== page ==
Opportunity Mars rover peers into vast Endeavour Crater from Pillinger Point mountain ridge named in honor of Colin Pillinger, the Principal Investigator for the British Beagle 2 lander built to search for life on Mars. Pillinger passed away from a brain hemorrhage on May 7, 2014. This navcam camera photo mosaic was assembled from images taken on June 5, 2014 (Sol 3684) and colorized. Credit: NASA/JPL/Cornell/Marco Di Lorenzo/Ken Kremer-kenkremer.com Read more: http://www.universetoday.com/112606/opportunity-peers-out-from-pillinger-point-honoring-british-beagle-2-mars-scientist-where-ancient-water-flowed/#ixzz34sFwIO7M
Opportunity Mars rover peers into vast Endeavour Crater from Pillinger Point mountain ridge named in honor of Colin Pillinger, the Principal Investigator for the British Beagle 2 lander built to search for life on Mars. Pillinger passed away from a brain hemorrhage on May 7, 2014. This navcam camera photo mosaic was assembled from images taken on June 5, 2014 (Credit: NASA/JPL/Cornell/Marco Di Lorenzo/Ken)
via universetoday

The Continuing Saga of Planet X: Could More Massive Planets Hide Beyond Pluto?

An artist’s impression of Eris, the most massive dwarf planet known to date, with an aphelion of 97 AU from the Sun. Could bigger Super-Earth-type planets be orbiting even farther out? Image Credit: ESO/L. Calçada and Nick Risinger
An artist’s impression of Eris, the most massive dwarf planet known to date, with an aphelion of 97 AU from the Sun. Could bigger Super-Earth-type planets be orbiting even farther out? (Credit: ESO/L. Calçada and Nick Risinger)
via americaspace

Trapping light: A long lifetime in a very small place

The top layer shows a simulation of the nanostructure confining the light in the tiny red regions. The second layer is the design generated by an approach that mimics evolutionary biology. The bottom two layers show electron micrographs of the realized nanostructure in silicon. The sharp peak on the left is the trace of the long trapping of light. Credit: Fabio Badolato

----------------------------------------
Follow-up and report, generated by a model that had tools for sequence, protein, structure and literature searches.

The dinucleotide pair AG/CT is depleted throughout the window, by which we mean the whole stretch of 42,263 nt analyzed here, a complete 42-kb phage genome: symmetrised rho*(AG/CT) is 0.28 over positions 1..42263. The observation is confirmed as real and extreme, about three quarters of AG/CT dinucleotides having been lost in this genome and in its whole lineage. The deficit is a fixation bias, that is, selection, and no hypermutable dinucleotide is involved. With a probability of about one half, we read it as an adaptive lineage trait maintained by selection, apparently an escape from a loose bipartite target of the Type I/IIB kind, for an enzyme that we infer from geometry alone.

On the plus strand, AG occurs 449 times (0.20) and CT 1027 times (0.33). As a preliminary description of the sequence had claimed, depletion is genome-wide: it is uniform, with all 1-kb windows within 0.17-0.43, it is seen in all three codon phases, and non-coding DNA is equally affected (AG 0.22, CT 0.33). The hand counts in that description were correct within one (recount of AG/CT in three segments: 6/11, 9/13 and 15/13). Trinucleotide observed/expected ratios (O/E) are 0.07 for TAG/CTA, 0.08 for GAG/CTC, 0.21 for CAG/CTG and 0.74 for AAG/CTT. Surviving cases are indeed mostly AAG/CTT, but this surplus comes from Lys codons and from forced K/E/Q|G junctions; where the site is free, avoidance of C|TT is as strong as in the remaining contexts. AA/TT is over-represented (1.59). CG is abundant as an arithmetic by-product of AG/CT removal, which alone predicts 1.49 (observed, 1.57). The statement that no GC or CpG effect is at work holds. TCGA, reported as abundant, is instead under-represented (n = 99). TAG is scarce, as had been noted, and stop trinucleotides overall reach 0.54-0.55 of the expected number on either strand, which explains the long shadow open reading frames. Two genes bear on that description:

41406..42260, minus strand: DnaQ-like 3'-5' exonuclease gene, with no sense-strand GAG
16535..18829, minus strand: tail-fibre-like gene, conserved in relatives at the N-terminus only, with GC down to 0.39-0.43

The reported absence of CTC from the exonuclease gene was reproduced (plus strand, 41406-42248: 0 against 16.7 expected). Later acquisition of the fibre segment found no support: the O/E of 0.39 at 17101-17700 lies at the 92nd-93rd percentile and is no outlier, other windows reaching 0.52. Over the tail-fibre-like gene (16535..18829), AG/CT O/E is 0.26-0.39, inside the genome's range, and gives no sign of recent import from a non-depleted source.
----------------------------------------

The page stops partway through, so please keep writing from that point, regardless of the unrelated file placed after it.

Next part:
The top layer shows a simulation of the nanostructure confining the light in the tiny red regions. The second layer is the design generated by an approach that mimics evolutionary biology. The bottom two layers show electron micrographs of the realized nanostructure in silicon. The sharp peak on the left is the trace of the long trapping of light. (Credit: Fabio Badolato)
via phys.org

Physics in the News

Tuesday, June 10, 2014

The Simple Problem Einstein Couldn’t Solve … At First

Einstein fell for this teaser
Einstein fell for this teaser
via farnamstreetblog
 

Black hole? Or wormhole in disguise?

Wormholes-infographic

via cosmonline
 

55-year old dark side of the Moon mystery solved

This is a composite image of the lunar farside taken by the Lunar Reconnaissance Orbiter in June 2009, note the absence of dark areas. Credit: NASA
This is a composite image of the lunar farside taken by the Lunar Reconnaissance Orbiter in June 2009, note the absence of dark areas. Credit: NASA
via phys.org
 

Curiosity captures stunning new Mount Sharp panorama ‘on the go’

Curiosity rover panorama of Mount Sharp captured on June 6, 2014 (Sol 651) during traverse inside Gale Crater. Note rover wheel tracks at left. She will eventually ascend the mountain at the ‘Murray Buttes’ at right later this year. Assembled from Mastcam color camera raw images and stitched by Marco Di Lorenzo and Ken Kremer. Credit: NASA/JPL/MSSS/Marco Di Lorenzo
Curiosity rover panorama of Mount Sharp captured on June 6, 2014 (Sol 651) during traverse inside Gale Crater. Note rover wheel tracks at left. She will eventually ascend the mountain at the ‘Murray Buttes’ at right later this year. Assembled from Mastcam color camera raw images and stitched by Marco Di Lorenzo and Ken Kremer. Credit: NASA/JPL/MSSS/Marco Di Lorenzo
via phys.org